One of the main concerns is that many people could find themselves falsely accused of terrorism, with no opportunity to prove their innocence. We saw in the campaign against IRA terrorism in the 1970s how many innocent people, such as the Guildford Four and the Birmingham Six, were given heavy sentences for crimes they had no part in. How much more likely is the Government to make such mistakes with these control orders, when they will not be required to present any evidence in a properly constituted court. The accused will not even be told of what they are accused - so they have no means to refute allegations. The consequences for the individuals concerned could be severe - possibly house arrest for life or restrictive orders which cause them to lose their livelihood.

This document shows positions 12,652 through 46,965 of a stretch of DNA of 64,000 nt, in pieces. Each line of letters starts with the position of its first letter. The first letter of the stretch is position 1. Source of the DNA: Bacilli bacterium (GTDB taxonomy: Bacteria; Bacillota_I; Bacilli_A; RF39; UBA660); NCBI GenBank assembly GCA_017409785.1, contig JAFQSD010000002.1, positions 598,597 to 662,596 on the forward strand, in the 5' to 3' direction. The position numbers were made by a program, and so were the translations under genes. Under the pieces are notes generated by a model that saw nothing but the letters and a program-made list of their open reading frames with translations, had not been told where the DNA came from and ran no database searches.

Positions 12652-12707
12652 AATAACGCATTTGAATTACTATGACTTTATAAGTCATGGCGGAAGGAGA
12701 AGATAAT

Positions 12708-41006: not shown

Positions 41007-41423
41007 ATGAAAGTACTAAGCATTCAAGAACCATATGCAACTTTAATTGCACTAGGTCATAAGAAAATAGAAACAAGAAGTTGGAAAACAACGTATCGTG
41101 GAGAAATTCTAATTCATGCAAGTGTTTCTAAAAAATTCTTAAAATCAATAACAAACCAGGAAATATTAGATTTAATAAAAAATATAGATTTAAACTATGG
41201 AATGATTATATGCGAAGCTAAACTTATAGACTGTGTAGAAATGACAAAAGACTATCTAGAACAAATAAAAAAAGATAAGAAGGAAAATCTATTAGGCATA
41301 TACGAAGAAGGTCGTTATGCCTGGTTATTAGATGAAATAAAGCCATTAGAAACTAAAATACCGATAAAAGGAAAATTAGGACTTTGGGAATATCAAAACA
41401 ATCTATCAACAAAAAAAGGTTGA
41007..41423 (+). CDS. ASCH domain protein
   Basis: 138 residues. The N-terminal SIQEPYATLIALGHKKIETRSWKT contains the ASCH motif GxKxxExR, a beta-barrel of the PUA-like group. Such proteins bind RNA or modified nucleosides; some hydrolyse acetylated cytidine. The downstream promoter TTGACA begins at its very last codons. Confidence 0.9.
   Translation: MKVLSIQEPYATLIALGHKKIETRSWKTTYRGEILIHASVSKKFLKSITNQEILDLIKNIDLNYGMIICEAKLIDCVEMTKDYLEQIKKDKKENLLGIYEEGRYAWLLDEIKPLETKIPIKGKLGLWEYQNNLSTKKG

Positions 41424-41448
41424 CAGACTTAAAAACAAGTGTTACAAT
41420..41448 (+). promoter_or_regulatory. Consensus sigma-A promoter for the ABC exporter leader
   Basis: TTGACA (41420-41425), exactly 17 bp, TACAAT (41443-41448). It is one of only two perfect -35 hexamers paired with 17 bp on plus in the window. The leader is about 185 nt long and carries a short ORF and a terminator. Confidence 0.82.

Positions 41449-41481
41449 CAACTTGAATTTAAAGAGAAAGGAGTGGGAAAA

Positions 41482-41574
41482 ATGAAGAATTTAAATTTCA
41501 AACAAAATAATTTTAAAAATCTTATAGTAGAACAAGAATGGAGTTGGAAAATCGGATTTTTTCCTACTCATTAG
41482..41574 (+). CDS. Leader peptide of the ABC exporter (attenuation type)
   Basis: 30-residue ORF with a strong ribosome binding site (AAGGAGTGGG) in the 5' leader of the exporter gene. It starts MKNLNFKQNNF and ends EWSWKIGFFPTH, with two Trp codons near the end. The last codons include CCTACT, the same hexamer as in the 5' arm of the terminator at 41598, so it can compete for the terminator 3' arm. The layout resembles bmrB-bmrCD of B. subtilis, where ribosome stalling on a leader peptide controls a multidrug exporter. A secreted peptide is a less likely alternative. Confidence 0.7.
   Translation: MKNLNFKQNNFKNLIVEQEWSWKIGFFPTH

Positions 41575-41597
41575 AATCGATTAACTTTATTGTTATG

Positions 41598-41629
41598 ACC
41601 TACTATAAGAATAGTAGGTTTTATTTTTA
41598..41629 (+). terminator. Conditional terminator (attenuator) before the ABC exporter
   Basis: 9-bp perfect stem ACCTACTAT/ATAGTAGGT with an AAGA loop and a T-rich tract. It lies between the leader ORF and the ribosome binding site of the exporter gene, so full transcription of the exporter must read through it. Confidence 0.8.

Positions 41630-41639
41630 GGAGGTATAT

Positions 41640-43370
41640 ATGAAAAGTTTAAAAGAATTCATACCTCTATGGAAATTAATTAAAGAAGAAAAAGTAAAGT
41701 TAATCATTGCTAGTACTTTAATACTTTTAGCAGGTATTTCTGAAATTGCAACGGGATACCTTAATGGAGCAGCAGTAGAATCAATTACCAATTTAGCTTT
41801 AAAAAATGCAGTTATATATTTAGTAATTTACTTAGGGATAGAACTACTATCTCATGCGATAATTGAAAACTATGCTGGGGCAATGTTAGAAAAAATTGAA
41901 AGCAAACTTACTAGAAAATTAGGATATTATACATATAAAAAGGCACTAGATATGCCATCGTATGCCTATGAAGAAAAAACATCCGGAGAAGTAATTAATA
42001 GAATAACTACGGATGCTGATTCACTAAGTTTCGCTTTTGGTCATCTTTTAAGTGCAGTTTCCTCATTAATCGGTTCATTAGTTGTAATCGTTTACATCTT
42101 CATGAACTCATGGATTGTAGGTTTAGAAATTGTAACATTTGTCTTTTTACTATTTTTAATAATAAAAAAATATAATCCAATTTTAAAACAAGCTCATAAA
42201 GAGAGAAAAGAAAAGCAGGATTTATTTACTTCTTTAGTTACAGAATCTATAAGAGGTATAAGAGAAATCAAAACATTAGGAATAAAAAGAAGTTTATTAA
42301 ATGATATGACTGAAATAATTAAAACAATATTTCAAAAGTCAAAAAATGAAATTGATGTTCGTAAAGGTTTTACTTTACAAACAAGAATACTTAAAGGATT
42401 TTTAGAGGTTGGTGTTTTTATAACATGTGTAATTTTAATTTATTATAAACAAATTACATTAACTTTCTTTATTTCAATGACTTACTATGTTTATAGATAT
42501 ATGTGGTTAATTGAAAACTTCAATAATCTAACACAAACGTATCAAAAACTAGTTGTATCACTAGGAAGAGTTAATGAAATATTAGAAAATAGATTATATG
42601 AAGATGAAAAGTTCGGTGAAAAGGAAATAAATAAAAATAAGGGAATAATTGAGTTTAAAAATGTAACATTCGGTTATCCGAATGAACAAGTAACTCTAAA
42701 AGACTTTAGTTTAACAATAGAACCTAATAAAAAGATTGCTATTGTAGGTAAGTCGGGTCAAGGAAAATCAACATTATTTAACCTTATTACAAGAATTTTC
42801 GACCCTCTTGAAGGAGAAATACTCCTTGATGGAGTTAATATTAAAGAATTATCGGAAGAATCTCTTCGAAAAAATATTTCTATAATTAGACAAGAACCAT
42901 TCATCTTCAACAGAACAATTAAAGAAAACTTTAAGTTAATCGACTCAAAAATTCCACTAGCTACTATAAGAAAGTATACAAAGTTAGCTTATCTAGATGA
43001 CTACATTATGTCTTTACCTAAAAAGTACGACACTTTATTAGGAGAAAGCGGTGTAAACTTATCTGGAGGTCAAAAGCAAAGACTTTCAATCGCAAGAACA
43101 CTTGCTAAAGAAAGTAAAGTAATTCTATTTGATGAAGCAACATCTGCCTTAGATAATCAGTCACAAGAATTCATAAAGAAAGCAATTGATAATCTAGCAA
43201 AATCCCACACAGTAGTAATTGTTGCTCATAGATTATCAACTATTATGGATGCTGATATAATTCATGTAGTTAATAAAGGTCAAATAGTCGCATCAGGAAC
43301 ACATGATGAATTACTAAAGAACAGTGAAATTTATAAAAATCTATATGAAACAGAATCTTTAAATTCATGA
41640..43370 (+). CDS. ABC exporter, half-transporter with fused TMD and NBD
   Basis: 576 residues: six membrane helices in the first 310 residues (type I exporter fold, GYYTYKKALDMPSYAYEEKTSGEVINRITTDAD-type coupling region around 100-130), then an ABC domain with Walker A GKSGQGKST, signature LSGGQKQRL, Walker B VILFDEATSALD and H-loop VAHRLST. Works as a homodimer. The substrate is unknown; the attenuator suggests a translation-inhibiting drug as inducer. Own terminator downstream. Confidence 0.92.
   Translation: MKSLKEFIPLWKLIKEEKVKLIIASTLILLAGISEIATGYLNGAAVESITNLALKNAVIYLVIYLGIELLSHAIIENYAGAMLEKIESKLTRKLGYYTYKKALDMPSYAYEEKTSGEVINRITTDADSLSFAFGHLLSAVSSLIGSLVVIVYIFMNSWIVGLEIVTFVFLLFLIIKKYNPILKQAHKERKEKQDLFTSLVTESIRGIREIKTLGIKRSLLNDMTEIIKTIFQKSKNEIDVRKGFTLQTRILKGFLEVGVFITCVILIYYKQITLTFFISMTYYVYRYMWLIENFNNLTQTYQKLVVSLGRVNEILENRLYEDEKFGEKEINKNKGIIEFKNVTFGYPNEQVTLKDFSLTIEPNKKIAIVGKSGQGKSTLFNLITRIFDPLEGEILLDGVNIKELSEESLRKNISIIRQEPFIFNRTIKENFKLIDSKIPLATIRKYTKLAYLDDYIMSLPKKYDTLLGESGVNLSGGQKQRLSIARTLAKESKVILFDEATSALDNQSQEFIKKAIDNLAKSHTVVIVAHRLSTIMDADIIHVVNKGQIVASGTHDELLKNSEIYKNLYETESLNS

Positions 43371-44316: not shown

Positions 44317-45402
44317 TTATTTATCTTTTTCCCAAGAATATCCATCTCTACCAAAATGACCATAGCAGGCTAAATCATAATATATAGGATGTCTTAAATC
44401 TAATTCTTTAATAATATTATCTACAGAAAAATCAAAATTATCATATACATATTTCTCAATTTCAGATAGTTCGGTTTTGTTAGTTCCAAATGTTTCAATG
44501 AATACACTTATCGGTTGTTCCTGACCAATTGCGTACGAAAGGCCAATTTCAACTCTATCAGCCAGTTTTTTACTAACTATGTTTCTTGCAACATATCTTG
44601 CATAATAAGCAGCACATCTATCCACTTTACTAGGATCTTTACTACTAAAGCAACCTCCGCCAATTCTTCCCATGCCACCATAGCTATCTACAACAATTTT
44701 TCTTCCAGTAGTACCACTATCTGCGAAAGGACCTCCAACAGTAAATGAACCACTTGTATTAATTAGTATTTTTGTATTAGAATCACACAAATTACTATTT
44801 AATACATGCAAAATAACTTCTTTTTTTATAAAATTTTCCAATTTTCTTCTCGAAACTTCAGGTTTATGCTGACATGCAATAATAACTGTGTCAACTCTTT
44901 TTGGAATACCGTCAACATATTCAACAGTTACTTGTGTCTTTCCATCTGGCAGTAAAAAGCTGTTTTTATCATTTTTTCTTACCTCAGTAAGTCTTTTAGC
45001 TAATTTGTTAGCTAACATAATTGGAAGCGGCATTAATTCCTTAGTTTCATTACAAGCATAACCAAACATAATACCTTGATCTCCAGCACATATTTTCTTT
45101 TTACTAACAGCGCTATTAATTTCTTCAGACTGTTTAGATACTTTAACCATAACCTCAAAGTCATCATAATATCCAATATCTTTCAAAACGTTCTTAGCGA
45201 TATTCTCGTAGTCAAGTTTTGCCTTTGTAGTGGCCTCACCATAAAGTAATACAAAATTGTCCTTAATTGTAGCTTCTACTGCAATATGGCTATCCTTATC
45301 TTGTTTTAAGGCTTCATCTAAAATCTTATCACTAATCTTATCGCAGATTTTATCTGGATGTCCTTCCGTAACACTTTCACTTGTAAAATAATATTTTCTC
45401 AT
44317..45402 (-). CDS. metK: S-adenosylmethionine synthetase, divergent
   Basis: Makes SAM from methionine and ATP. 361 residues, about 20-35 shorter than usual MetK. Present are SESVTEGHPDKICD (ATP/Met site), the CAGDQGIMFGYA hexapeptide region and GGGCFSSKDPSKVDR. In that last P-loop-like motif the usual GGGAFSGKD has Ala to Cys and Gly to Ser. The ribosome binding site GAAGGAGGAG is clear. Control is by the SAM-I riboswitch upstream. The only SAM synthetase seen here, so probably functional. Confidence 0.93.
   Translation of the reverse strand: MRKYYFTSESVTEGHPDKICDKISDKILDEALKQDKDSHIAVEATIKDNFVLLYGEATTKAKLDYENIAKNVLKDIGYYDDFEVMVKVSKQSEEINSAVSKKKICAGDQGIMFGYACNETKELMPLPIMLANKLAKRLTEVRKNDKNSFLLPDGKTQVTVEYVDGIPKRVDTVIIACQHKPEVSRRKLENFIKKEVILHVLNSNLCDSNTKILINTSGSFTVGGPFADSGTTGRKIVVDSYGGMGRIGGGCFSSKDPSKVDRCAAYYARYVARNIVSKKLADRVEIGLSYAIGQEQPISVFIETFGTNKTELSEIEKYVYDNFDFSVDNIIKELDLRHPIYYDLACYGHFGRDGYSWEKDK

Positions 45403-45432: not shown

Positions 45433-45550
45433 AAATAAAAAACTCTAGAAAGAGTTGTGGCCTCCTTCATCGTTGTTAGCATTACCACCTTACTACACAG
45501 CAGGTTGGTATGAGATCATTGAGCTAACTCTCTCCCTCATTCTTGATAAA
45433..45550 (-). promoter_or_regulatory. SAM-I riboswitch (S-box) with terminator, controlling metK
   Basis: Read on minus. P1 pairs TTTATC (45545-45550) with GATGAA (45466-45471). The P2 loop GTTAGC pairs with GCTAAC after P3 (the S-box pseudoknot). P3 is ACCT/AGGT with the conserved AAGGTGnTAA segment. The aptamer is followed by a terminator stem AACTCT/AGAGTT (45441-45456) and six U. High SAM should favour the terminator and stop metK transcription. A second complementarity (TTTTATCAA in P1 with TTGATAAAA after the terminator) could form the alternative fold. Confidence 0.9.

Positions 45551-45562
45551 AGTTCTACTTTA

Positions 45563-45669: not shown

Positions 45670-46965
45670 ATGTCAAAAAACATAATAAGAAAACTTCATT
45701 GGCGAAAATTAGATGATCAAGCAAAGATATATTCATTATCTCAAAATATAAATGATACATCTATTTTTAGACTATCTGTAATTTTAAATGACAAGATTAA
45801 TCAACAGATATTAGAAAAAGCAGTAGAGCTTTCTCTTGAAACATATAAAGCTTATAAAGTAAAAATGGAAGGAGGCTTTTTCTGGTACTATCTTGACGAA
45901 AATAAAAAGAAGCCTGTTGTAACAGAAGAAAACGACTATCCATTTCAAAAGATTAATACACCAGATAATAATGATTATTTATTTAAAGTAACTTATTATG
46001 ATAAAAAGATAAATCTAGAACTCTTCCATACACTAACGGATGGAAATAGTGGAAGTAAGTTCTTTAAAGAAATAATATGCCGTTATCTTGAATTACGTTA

The Government's grounds for imposing control orders will be "suspicion of involvement in terrorism". Suspicion, without having to submit evidence, is in the eye of the beholder. Anyone who is overheard making a misinterpreted remark, anyone collecting for a small charity working abroad, anyone who travels off the beaten track, could be accused of supporting terrorism and given a lifetime's house arrest. I find this far more worrying than the terrorism it is supposed to combat.
Dr STEPHEN LEAH